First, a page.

Languages similar to or like Hebrew language
Northwest Semitic language native to Israel. Wikipedia
Archaic form of Hebrew, a language in the Canaanite branch of Semitic languages, spoken by the Israelites in the area known as Israel, roughly west of the Jordan River and east of the Mediterranean Sea. Not used for the language in the Bible, which was referred to as שפת כנען or יהודית (Yehudit, i.e. Judaean), but the name was used in Greek and Mishnaic Hebrew texts. Wikipedia
The Semitic languages, previously also named Syro-Arabian languages, are a branch of the Afroasiatic language family originating in the Middle East that are spoken by more than 330 million people across much of West Asia, North Africa, the Horn of Africa, Malta, in small pockets in the Caucasus as well as in often large immigrant and expatriate communities in North America, Europe and Australasia. First used in the 1780s by members of the Göttingen School of History, who derived the name from Shem, one of the three sons of Noah in the Book of Genesis. Wikipedia
Country in Western Asia, located on the southeastern shore of the Mediterranean Sea and the northern shore of the Red Sea. It has land borders with Lebanon to the north, Syria to the northeast, Jordan on the east, the Palestinian territories of the West Bank and the Gaza Strip to the east and west, respectively, and Egypt to the southwest. Wikipedia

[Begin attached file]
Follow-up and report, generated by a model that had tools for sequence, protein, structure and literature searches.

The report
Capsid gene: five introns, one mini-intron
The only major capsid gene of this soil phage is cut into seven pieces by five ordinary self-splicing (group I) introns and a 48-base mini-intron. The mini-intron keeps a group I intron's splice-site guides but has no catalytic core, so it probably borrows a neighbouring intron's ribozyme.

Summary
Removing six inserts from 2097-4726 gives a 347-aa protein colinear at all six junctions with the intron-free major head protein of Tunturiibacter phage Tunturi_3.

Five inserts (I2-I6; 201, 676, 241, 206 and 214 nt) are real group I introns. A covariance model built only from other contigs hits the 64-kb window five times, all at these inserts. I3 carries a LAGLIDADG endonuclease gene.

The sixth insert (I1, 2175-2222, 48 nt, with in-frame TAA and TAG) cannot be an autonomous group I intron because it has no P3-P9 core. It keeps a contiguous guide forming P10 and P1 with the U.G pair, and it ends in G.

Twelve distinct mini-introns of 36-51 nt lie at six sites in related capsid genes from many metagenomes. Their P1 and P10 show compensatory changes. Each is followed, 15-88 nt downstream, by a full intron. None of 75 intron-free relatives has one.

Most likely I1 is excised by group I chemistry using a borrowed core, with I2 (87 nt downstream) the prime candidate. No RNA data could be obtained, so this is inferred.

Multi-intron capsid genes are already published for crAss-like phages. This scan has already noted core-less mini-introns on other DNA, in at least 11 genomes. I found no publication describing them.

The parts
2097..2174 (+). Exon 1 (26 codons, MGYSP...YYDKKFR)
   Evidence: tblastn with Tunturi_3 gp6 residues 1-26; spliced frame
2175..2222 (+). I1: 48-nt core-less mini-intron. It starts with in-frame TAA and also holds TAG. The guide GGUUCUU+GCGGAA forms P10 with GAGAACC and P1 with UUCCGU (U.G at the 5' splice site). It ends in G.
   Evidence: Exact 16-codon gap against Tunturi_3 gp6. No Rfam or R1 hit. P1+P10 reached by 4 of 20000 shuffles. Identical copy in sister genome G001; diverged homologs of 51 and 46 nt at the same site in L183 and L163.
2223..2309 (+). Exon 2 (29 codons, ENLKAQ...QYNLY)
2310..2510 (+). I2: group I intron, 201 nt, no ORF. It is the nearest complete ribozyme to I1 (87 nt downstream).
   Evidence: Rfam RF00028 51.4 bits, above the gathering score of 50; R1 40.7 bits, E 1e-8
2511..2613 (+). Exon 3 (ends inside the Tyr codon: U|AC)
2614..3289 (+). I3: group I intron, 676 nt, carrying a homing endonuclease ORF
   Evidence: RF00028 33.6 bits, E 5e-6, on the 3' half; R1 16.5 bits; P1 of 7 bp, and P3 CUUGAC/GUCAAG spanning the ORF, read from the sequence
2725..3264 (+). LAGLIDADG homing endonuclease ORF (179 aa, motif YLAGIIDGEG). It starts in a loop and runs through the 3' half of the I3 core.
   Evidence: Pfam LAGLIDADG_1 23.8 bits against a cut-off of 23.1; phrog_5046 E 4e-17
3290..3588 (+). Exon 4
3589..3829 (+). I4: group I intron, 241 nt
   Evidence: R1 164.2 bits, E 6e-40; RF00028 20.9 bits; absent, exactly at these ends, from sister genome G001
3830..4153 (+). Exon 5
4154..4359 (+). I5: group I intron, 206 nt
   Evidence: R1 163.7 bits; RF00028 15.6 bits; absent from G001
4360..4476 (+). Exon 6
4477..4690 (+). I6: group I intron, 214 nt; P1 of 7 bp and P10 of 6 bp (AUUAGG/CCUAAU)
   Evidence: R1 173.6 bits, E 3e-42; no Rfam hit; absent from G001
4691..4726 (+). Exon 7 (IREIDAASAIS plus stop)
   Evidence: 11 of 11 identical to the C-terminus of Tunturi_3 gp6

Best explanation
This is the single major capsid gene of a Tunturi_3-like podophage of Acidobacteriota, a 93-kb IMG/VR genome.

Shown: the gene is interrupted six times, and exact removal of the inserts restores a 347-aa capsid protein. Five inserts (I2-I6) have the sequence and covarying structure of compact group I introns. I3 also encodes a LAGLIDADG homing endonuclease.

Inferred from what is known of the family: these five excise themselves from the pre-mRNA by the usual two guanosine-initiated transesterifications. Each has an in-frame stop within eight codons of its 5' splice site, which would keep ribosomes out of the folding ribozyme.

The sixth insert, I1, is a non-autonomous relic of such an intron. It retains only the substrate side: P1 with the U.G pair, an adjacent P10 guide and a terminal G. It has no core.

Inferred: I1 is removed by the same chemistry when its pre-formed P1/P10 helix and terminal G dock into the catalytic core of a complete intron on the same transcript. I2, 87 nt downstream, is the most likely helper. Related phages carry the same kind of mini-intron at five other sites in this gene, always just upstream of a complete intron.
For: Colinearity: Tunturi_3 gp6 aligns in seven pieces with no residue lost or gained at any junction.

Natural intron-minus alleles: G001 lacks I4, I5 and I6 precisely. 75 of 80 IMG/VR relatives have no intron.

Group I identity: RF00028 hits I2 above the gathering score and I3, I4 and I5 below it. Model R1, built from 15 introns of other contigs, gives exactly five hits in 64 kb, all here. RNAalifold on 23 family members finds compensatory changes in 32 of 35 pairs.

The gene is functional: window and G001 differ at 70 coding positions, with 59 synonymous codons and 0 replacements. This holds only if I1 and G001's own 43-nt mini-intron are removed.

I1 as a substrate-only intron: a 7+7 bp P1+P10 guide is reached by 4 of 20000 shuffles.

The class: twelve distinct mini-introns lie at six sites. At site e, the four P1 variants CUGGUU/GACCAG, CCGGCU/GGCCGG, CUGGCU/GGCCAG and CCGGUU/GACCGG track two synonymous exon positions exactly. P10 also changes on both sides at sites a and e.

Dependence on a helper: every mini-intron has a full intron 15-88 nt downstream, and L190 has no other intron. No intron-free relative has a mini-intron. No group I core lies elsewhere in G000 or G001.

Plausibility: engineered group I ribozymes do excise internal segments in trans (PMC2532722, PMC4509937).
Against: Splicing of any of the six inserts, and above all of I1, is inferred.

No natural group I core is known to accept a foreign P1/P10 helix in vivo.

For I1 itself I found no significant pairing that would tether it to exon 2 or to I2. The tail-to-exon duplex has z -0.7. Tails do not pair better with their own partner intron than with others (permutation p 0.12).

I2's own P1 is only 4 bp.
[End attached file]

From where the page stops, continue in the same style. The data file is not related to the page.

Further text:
Sentences forHebrew language
- Proficiency in core subjects such as mathematics, the Hebrew language, Hebrew and general literature, the English language, history, Biblical scripture and civics is necessary to receive a Bagrut certificate.
- It contains, however, other vocabulary which is not found in standard Spanish, including vocabulary from Hebrew, French, Greek and Turkish, and other languages spoken where the Sephardim settled.
- The name is of Semitic origin, directly cognate with other Semitic words for Egypt such as the Hebrew "" ("Mitzráyim").
- Israel has one official language, Hebrew.
- The languages spoken in Galilee and Judea during the 1st century AD include Jewish Palestinian Aramaic, Hebrew, and Greek, with Aramaic being predominant.
- Several inscriptions have been found in Hebrew and Sabaean praising the ruling house in Jewish terms for "...helping and empowering the People of Israel."
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